*** SPOILER ALERT – THIS POST DISCUSSES PLOT DETAILS OF THE MOVIE THE DARK KNIGHT ***
In the new Batman movie, The Dark Knight, there is a climactic scene, as follows. Gotham must be evacuated, and part of the evacuation is effected by putting 500 people on each of two ferries. One ferry is filled with civilians, and the other, with convicted felons and their guards. The Joker supplies a dilemma: he has provided each boat with a detonator, and unless one ferry uses its detonator to blow up the other before his deadline, the Joker will blow both ferries up. Hashing out what one would do in that situation became the focus of discussion on at least one blog, which managed to capture the attention of a blog published at the New York Times, “Freakonomics.”
I enjoyed The Dark Knight as a well-made movie with some terrific performances (your mileage may vary). But the ferry dilemma didn’t occupy any mental real estate in my brain once the movie was over, in terms of caring to figure out what I would do. So my reaction upon discovering the fuss about this scene in the movie was first amusement and then bemusement–why did some people still find it such a hot topic for discussion? Then I remembered what Ayn Rand wrote in one of her most famous articles, “The Ethics of Emergencies” (published in her anthology The Virtue of Selfishness).
The psychological results of altruism may be observed in the fact that a great many people approach the subject of ethics by asking such questions as: “Should one risk one’s life to help a man who is: a) drowning, b) trapped in a fire, c) stepping in front of a speeding truck, d) hanging by his fingernails over an abyss?”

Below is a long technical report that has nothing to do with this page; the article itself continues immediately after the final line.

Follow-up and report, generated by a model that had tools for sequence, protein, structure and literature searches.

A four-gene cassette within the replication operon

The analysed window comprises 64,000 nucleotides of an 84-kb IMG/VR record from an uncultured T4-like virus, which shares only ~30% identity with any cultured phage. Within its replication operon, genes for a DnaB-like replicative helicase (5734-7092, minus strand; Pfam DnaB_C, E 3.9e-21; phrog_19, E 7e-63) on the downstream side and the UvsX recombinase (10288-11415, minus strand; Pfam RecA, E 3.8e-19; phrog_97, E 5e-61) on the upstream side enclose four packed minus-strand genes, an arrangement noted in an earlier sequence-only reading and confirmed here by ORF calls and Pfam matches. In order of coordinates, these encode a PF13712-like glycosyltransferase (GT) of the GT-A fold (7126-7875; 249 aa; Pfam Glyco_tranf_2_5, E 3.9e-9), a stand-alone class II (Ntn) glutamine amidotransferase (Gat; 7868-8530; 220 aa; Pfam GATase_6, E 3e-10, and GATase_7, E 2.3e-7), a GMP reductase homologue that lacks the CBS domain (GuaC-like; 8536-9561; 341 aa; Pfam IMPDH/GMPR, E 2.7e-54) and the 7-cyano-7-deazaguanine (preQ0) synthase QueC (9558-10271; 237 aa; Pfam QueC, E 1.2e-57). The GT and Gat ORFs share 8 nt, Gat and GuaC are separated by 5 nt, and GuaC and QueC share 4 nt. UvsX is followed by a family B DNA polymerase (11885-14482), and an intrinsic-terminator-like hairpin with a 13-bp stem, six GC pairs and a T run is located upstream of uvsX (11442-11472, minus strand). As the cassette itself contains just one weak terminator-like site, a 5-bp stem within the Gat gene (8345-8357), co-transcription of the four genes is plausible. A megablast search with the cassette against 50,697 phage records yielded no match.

Her point was that altruism doesn’t tell you how to live, but only under what conditions you’re supposed to sacrifice your life. Rand explained this approach to ethics as follows:
If a man accepts the ethics of altruism, he suffers the following consequences (in proportion to the degree of his acceptance): …
[A] lethargic indifference to ethics, a hopelessly cynical amorality–since his questions involve situations which he is not likely ever to encounter, which bear no relation to the actual problems of his own life and thus leave him to live without any moral principles whatever.
Altruism is the dominant morality in our culture, meaning there are a lot of people for whom morality is irrelevant, most of the time. Yet no-one wants to think of himself as amoral. So when can an altruist take morality seriously? In a hypothetical life-or-death situation. The ferry dilemma in The Dark Knight provides a perfect outlet for seeming to take seriously the morality of altruism–in a fantasy world where it doesn’t matter if you practice what you preach.
For what it’s worth, here’s my take on the ferry dilemma–in 20/20 hindsight. When one is forced to make a decision under threat of violence, all bets are off. The world becomes a topsy-turvy, down-is-up, Alice-in-Wonderland kind of place, where it’s impossible to know what actions would be in one’s own best interest. Nothing the Joker said could be a guide to action; he might just as well have kept his mouth shut, for all the content to be found in the ravings of an irrational psychopath. Therefore, I think the movie sensibly resolved the dilemma: throw the detonator overboard. There was no way to make any rational decision about what to do with it; it was just as relevant to the situation as a rubber ducky. Strictly speaking, the scene didn’t depict a moral dilemma at all. Where rationality is impossible, morality is impossible, too.
(An aside: just what does it say about the screenwriters that it was a criminal who made the correct choice? Inquiring minds want to know …)